In 1999, the typical personal computer came with four to five gigabytes (GB) of storage. If you crammed every nook and cranny of the disc with MP3 music files (which one might recall, was quite the rage back then), you could, theoretically, fill your disc with 1,000 songs. But since your hard disc was in all likelihood filled with software, in reality you could pack in much less. To store music, therefore, meant buying blank CDs with a capacity of 640 megabytes (MB). The blank discs cost around Rs 75-100.
A decade back, it was considered a revolutionary change. Today, looking back they were the early years for storage devices. The remarkable evolution of storage is typified by what SanDisk launched a few weeks ago: a 64 GB USB Flash Drive, more popularly called a “pendrive”. It means storing 16,000 songs that can play nonstop for almost 45 days. Or over 70 DVD-quality movies in the DivX format.
SanDisk has launched this as a “back-up” drive and so it has plug-and-play back-up capabilities as well. Press a button on the drive and it copies all your critical documents. Of course, you can use it as a simple pendrive also, or with the addition of some software (such as U3), you can convert it into a pendrive from which you can directly run applications.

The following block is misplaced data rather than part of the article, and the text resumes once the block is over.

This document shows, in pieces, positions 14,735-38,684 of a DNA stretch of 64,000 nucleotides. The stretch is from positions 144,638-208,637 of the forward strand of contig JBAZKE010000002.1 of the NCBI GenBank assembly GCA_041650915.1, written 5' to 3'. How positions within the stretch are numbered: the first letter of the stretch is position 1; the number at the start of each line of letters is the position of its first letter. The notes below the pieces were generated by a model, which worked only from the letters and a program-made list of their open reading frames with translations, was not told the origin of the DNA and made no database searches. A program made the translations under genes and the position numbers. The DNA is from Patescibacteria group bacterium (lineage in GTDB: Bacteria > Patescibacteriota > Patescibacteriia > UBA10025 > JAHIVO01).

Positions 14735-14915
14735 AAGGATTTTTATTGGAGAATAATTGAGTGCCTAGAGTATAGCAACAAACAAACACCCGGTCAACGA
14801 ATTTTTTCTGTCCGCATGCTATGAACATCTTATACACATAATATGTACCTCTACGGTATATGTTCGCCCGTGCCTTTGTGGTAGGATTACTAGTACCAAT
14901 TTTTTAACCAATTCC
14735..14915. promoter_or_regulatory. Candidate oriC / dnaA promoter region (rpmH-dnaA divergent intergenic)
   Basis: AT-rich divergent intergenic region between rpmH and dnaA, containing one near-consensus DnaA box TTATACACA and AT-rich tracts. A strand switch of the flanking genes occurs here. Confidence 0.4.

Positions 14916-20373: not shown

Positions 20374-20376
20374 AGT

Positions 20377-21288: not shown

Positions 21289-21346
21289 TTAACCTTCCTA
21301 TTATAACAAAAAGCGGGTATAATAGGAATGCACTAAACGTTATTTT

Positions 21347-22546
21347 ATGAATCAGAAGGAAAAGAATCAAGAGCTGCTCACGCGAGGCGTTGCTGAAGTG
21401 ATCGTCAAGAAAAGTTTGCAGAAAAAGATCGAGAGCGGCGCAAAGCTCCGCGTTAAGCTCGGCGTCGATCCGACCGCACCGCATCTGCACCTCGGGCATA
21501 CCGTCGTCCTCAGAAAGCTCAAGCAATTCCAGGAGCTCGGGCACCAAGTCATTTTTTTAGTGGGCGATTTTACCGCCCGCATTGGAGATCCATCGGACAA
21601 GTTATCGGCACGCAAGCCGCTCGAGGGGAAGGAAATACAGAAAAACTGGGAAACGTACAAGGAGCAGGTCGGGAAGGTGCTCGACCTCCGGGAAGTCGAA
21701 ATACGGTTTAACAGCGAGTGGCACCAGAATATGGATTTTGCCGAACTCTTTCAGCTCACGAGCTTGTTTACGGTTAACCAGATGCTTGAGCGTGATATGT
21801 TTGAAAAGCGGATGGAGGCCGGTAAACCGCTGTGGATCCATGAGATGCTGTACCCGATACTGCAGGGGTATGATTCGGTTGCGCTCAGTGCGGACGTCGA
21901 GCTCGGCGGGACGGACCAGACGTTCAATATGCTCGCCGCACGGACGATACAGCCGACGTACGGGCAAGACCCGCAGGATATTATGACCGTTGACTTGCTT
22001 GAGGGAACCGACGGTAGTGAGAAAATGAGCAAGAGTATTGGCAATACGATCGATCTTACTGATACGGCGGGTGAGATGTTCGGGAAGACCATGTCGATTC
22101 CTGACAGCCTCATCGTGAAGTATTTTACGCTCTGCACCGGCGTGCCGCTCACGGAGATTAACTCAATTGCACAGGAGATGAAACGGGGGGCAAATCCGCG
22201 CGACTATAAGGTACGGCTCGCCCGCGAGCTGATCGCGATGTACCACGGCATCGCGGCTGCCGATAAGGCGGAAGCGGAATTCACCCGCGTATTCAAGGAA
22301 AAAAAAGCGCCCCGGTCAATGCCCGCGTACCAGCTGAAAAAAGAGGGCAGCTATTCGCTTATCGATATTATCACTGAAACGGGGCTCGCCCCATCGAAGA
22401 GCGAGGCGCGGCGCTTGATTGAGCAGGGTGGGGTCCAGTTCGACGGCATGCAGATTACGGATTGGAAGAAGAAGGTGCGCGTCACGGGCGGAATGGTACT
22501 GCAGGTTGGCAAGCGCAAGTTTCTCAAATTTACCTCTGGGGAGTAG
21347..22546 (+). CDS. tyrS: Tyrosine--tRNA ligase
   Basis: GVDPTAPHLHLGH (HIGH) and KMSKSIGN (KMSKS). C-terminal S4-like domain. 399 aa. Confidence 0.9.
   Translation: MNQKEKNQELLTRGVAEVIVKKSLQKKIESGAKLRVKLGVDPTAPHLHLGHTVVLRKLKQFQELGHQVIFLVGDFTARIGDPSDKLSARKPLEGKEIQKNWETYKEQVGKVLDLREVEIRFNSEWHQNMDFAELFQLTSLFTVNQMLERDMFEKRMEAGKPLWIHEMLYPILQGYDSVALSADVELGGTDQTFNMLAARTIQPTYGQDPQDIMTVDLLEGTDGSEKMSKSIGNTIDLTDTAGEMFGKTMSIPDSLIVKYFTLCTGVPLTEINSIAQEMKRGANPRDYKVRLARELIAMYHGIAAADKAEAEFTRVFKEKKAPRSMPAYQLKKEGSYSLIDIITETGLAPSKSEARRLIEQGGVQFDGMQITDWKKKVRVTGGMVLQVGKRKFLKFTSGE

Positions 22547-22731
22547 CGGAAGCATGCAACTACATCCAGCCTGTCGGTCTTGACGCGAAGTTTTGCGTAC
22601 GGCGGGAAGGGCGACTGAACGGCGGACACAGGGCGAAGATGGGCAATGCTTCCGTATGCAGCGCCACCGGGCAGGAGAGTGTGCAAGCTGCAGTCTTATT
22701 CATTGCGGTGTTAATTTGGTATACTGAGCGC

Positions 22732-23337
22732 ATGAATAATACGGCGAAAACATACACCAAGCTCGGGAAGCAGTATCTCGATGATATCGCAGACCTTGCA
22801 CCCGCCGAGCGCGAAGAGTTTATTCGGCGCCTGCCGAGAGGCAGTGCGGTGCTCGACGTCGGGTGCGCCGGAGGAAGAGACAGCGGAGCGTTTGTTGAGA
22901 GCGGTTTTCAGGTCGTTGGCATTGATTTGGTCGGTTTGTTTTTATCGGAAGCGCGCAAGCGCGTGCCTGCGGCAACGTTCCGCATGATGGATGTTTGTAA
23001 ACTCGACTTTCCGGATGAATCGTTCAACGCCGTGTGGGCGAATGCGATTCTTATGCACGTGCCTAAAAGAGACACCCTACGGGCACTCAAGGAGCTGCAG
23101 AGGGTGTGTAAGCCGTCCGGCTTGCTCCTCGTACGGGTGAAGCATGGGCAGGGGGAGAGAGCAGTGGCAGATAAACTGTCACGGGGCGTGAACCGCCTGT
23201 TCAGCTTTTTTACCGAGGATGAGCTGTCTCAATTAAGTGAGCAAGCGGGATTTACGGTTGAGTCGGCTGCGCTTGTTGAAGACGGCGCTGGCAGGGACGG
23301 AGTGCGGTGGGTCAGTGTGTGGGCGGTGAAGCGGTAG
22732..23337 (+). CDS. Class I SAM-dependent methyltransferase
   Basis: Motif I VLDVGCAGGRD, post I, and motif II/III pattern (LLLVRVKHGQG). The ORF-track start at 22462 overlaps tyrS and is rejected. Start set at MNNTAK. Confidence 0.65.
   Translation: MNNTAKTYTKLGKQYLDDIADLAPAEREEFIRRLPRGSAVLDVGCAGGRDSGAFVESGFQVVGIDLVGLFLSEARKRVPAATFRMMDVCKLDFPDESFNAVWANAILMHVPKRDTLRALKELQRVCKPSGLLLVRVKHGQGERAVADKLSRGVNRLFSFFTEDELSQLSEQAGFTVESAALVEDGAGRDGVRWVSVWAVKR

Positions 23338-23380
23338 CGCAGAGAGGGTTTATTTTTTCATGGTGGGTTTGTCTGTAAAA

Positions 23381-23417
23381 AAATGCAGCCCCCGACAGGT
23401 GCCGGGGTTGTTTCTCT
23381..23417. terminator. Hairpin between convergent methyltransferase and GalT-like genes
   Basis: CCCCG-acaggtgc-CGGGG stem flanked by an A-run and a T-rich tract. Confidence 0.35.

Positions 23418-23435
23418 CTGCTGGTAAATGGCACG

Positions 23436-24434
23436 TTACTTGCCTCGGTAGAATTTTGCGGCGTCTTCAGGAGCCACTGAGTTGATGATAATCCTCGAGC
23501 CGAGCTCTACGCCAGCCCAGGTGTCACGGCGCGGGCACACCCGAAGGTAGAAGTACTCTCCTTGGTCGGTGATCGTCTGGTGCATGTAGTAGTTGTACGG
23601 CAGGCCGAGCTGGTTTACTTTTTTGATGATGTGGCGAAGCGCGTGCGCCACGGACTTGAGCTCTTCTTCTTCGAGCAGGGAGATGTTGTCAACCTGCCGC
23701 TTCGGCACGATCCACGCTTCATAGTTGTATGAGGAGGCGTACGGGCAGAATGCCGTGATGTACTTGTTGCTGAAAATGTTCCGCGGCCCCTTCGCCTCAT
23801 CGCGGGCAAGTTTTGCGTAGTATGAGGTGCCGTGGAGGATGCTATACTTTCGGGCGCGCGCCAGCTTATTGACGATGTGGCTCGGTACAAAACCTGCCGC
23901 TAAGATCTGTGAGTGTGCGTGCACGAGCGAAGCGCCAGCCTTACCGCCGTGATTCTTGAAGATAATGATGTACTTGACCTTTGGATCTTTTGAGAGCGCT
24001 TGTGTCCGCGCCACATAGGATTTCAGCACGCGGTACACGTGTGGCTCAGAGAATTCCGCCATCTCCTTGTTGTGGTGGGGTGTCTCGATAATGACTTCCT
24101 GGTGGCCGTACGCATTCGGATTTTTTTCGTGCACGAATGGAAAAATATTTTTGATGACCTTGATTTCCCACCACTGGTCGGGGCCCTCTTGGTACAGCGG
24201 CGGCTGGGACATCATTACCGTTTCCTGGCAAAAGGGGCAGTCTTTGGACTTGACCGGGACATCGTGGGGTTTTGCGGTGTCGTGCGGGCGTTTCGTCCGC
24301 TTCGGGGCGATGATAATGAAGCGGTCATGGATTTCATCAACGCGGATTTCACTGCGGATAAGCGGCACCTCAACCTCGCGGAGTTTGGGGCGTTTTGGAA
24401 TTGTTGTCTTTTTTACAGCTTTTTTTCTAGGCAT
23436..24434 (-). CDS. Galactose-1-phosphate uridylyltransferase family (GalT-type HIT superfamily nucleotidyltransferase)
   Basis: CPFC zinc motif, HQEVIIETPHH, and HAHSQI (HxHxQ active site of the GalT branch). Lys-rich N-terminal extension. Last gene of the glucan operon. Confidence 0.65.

What does this mean for you? To put it simply, you could carry all your important files and applications with you all the time and plug it in to any computer that runs the relevant operating system. The same thing can be done through the cloud, by running applications hosted online with files saved online. But it requires a fast Net connection, and the fact of the matter is that there are still under six million broadband connections in India.
USB Flash Drives, however, are not without their problems. Most of them come cheap and a 32 GB pendrive costs under Rs 2,000, though the one terabyte (TB) powered hard disc drive from Western Digital cost around Rs 7,000. A bigger problem is that pendrives, like all other forms of storage, suffer from “Data Rot”—a physical degradation of the drive that leads to the data inside being lost.
Pendrives are particularly susceptible to this and usually give up their ghost anywhere between 1,000 and 10,000 read-write cycles, depending on the quality of the drive. For me, though, the biggest problem with pendrives is simple. I lose them. Over the past year, I must have lost about 10 of them. But then again, nowadays most press releases come on pendrives and so, I do have a healthy supply chain. As you can see, I’m not complaining.